The power of public opinion, coupled with legislative responses, has transformed what was previously tolerated and almost excused as 'street brawling' into the concept of a cowardly attack.
Where before the perpetrators of this violent assault were charged under an array of laws unspecific to their particular action, they now face a specific sentencing range if found to have deliberately struck another individual with any part of their body or object they may be holding.
The result is that whether or not you intend to kill or severely injure someone, if you attack them within the context of a coward punch you will face a specific sentencing range for your crime. So, what parallels can be drawn with domestic violence?
The community would likely be divided on introducing mandatory sentencing for domestic violence, and there are studies that have concluded it does not work as a deterrent.
An alternative might be the creation of a specific offence related to, for example, an assault committed against a family member, much like an assault against a police officer is a separate and different charge carrying different consequences to a charge of what is sometimes referred to as 'common assault'. The coward punch now also falls within that separate and specific category.
If we as a community, reflected by our criminal code, recognise assaults on police officers or assaults committed in the context of the coward punch as deserving of separation and special treatment at law, why wouldn’t we recognise assaults, and other acts of domestic violence that also amount to criminal acts, committed against family members to be a separate and specific category of criminal charge – with a higher sentencing range attached to it?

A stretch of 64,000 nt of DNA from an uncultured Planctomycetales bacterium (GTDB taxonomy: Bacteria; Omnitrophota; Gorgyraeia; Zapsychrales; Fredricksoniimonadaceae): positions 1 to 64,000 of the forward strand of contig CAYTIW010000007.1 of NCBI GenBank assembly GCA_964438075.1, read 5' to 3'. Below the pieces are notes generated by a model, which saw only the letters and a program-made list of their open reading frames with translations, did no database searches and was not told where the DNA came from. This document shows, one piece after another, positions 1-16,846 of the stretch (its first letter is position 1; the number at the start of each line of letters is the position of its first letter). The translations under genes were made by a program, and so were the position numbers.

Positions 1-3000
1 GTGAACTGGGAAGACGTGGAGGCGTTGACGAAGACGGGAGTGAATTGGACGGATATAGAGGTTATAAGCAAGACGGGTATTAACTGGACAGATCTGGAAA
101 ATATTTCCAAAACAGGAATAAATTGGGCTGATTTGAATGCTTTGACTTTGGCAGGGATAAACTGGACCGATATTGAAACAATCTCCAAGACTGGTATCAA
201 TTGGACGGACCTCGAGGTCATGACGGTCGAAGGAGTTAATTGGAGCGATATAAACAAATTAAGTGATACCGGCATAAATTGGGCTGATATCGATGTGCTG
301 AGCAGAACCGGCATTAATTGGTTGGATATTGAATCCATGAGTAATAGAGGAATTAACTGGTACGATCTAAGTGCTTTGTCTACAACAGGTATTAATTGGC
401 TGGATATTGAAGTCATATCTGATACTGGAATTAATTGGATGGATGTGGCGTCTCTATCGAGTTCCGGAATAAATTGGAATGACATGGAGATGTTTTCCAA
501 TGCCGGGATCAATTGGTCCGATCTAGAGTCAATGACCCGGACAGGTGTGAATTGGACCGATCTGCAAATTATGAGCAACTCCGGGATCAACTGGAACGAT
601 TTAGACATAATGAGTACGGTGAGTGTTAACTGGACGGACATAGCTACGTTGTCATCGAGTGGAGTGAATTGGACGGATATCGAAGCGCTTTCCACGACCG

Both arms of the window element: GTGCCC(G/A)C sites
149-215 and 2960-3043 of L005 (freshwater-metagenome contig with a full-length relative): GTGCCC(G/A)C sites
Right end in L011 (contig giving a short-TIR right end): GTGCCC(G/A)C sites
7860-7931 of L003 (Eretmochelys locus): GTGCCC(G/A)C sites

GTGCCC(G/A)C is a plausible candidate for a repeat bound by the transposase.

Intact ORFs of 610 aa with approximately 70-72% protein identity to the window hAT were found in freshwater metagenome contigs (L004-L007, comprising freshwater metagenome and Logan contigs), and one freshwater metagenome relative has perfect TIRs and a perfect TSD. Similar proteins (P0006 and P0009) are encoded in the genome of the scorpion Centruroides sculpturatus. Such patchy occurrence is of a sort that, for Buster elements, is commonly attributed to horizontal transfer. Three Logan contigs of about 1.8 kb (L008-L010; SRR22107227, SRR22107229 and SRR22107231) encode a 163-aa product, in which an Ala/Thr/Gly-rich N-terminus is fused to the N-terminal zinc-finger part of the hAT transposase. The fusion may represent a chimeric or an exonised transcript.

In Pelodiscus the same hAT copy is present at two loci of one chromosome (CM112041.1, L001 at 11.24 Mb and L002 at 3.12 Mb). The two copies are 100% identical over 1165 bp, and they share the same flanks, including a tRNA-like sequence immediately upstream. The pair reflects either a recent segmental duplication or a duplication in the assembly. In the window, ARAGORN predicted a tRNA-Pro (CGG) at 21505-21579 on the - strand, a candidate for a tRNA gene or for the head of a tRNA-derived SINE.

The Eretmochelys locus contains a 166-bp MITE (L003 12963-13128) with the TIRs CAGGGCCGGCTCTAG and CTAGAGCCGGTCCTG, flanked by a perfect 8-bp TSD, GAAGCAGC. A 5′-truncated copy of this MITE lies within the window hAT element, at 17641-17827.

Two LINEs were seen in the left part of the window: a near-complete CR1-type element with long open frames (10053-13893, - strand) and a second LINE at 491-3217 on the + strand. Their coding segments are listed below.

That approach may, for example, avoid the argument in cases like the Baden-Clay tragedy. Is a distinction between manslaughter and murder appropriate in the case of killings committed within families? Should there be a separate charge of, for example, 'homicide of a spouse' that carries penalties analogous to those for murder?
Mr Strofield speaks of the domestic violence court holding people accountable for their behaviour and how perpetrators have seen the error of their ways.
We need to build on that. Over the decades community attitudes have redefined how we regard drink- driving and smoking. Now the community is uniting in its disgust over coward punches. We need to apply that same mindset toward domestic violence.
A change in legislation would legitimise the growing number of voices that condemn this violence, while also sending a strong message to the rest of Australia that such action is shameful and completely unacceptable.
Public condemnation of domestic violence could be a powerful weapon in defeating this scourge. The fact that this method was successfully and swiftly implemented to deal with the coward punch issue bodes well for similar effectiveness for domestic violence. So why hasn’t it been suggested?
The domestic violence court trial on the Gold Coast will be analysed in a report due to be handed to the state government before Christmas. The trial is scheduled to run until mid-2017.
Sadly, domestic violence in all its forms is an Australia-wide epidemic and needs a national response. I believe the same hard-line stance against DV must be employed against those who sexually assault children. These are behaviours society must comprehensively reject.
Cassandra Pullos is an accredited family law specialist with Gold Coast firm Pullos Lawyers.